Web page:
FUKUSHIMA Lives on the Line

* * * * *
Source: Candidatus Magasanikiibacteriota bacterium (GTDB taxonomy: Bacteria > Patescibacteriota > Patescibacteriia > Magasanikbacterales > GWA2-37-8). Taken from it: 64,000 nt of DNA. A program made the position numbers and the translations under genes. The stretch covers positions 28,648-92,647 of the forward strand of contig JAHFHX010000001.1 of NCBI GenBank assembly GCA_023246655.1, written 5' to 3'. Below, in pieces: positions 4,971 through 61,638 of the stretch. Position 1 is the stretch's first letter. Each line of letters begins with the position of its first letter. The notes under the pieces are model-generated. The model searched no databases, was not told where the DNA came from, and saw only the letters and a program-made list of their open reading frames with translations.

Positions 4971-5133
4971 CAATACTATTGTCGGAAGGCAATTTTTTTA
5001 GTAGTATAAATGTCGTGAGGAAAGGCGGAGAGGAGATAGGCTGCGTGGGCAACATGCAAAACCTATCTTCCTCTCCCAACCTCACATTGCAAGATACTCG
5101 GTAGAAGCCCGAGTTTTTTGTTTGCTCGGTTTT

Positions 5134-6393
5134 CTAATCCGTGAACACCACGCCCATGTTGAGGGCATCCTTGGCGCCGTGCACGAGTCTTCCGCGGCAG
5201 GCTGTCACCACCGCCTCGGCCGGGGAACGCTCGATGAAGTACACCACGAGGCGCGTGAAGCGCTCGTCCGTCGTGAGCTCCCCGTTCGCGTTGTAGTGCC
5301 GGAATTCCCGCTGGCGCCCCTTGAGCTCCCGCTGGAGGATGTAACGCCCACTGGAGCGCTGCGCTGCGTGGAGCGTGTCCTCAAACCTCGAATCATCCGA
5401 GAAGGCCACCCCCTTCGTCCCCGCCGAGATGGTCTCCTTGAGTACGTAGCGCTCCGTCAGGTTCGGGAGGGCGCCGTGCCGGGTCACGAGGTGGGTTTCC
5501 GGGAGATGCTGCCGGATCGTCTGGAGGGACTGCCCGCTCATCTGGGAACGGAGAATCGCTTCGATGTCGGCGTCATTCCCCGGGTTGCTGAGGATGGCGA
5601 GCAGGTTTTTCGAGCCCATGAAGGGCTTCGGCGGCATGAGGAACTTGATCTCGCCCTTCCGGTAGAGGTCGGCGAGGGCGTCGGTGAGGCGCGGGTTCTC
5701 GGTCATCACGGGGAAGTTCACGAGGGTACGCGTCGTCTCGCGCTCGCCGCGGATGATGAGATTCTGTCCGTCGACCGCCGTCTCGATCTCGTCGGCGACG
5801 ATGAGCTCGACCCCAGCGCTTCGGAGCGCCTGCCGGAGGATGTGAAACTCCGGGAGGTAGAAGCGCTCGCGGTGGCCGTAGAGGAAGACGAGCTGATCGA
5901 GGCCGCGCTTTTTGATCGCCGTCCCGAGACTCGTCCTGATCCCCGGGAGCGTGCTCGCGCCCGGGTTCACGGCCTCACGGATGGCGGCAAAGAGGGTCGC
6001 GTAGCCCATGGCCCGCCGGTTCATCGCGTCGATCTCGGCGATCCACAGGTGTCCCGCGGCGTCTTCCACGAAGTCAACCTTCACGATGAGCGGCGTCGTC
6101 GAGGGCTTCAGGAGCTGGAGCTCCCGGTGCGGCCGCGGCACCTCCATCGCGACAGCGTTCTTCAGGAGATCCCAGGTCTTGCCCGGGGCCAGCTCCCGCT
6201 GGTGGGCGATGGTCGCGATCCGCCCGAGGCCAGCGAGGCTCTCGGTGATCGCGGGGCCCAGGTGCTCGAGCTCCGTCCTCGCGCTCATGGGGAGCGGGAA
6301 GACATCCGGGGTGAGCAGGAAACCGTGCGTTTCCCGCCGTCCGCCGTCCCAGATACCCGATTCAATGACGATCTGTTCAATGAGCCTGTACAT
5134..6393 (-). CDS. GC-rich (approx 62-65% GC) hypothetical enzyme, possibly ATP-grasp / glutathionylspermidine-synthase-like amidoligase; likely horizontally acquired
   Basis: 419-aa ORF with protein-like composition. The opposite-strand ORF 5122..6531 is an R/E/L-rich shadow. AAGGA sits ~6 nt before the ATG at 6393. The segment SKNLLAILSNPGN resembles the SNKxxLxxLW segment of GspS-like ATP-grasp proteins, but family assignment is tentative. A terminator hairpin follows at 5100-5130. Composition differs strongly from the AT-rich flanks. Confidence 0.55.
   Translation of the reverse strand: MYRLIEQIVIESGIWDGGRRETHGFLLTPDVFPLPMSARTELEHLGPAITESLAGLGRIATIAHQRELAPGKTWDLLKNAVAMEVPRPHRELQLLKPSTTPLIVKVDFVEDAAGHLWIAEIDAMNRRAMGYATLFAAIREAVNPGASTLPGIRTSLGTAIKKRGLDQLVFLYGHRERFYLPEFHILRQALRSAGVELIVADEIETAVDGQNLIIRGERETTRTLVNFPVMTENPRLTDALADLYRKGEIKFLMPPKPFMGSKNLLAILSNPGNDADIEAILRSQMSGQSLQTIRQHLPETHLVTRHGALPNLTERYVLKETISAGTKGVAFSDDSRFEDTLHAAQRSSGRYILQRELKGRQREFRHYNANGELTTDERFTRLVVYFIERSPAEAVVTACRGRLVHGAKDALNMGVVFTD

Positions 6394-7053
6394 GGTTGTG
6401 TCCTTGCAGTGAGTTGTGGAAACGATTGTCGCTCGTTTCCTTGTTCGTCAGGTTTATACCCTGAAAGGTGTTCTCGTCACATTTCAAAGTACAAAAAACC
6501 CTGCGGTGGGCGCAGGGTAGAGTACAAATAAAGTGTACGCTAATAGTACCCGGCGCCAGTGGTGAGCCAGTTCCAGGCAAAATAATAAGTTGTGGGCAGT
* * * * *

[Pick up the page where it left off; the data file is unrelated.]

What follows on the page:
100(1) The True Picture of Care during the Disaster [Immediately after the Earthquake]The seemingly endless earthquake came without a warning. My computer fell to the floor, and I had to use all of my strength to prevent my bookcase from falling. Amid the quakes, three assistant nursing directors ran upstairs to check on the rest of the hospital. Outpatients gathered at the entrance, and some were evacuated outdoors even though it snowed. After checking on the status of the patients in our hospital ward, we started verifying the whereabouts of those who were not present. Patients who were outside the ward because of referrals to other departments, rehabilitation, or other reasons gathered at the main entrance on their wheelchairs. In the emergency outpatient unit, we began to prepare for the disaster medical assistance team (DMAT), setting up a place to conduct triage and dividing tasks among ourselves. We expected large number of patients to be brought in, and hence, with the help of faculty from the School of Nursing, we carried 33 beds from their practice rooms to the hospital entrance. Throughout, we discussed among ourselves challenges such as requirement of supplies, placement of beds so that we would have sufficient room to move, and preventive measures for cold. As the elevators were not working, we moved the patients who were brought to the critical care center and those who could not get back to the ward using stretchers, with tremendous help from students of the School of Medicine.After the earthquake, we had information about buildings collapsing, but none about the transfer of patients. After 9 pm, four patients with artificial respirators were transferred to our intensive care unit since the hospitals in the city were destroyed. After this, we visited all the wards through the night looking for emergency patients we thought would eventually come to us, but there were hardly any patients with trauma or other issues transferred to us at night. This was the first phase.[Transferring Patients from the Nuclear Evacuation Zone]With the hydrogen explosion at the Fukushima Daiichi nuclear power plant the next day, transfer of patients began from medical facilities within 20 kilometers of the nuclear power plant. This was the second phase. We changed our system at the hospital from one that can admit trauma patients to another that could admit patients from the nuclear evacuation zone. At our university’s emergency response department, we received requests to take in patients sometimes from the prefecture’s emergency response headquarters, and sometimes directly from other hospitals. We worked in a state of confusion with information coming from different channels. Day and night, without a solid grasp on the numbers coming in, and with unclear procedures, we spent significant time and effort trying to take in patients from one facility. Our nurses worked with the school faculty to prepare for the influx of patients, moving 74 mattresses, which the hospital was not using and had been removed from the beds, to the school’s practice rooms.Some patients were brought in by Self-Defense Forces helicopters or transporters, while others traveled in the dark by a tourist bus at 3 am in the morning. After conducting triage, we directed those needing care to the hospital, while those who did not were temporarily moved to the School of Nursing and taken by bus to another place the next day. I talked to the faculty involved who mentioned how difficult and time-consuming it was to transport by bus people who should have been transported by an ambulance. They also expressed how sorry they felt for the patients. We even A Nurse’s Report on the Great East Japan Earthquake and Tsunami(Posted by: Editorial Department, Japanese Nursing Association Publishing Company)Care during the Earthquake, Tsunami, and Nuclear AccidentActivity Records of the Fukushima Medical University HospitalYumiko Nakajima, Fumiko Meguro, Mihoko Yokoyama, Kayoko Watanabe, Miyo Saitou, Noriko Uezawa, Michiko Ootsuki, Rumi Hosaka, Yasuko Suganuma, and Megumi SatouFukushima Medical University HospitalCare at the Hub Hospital during the DisasterYumiko NakajimaHospital Vice President and Director of Nursing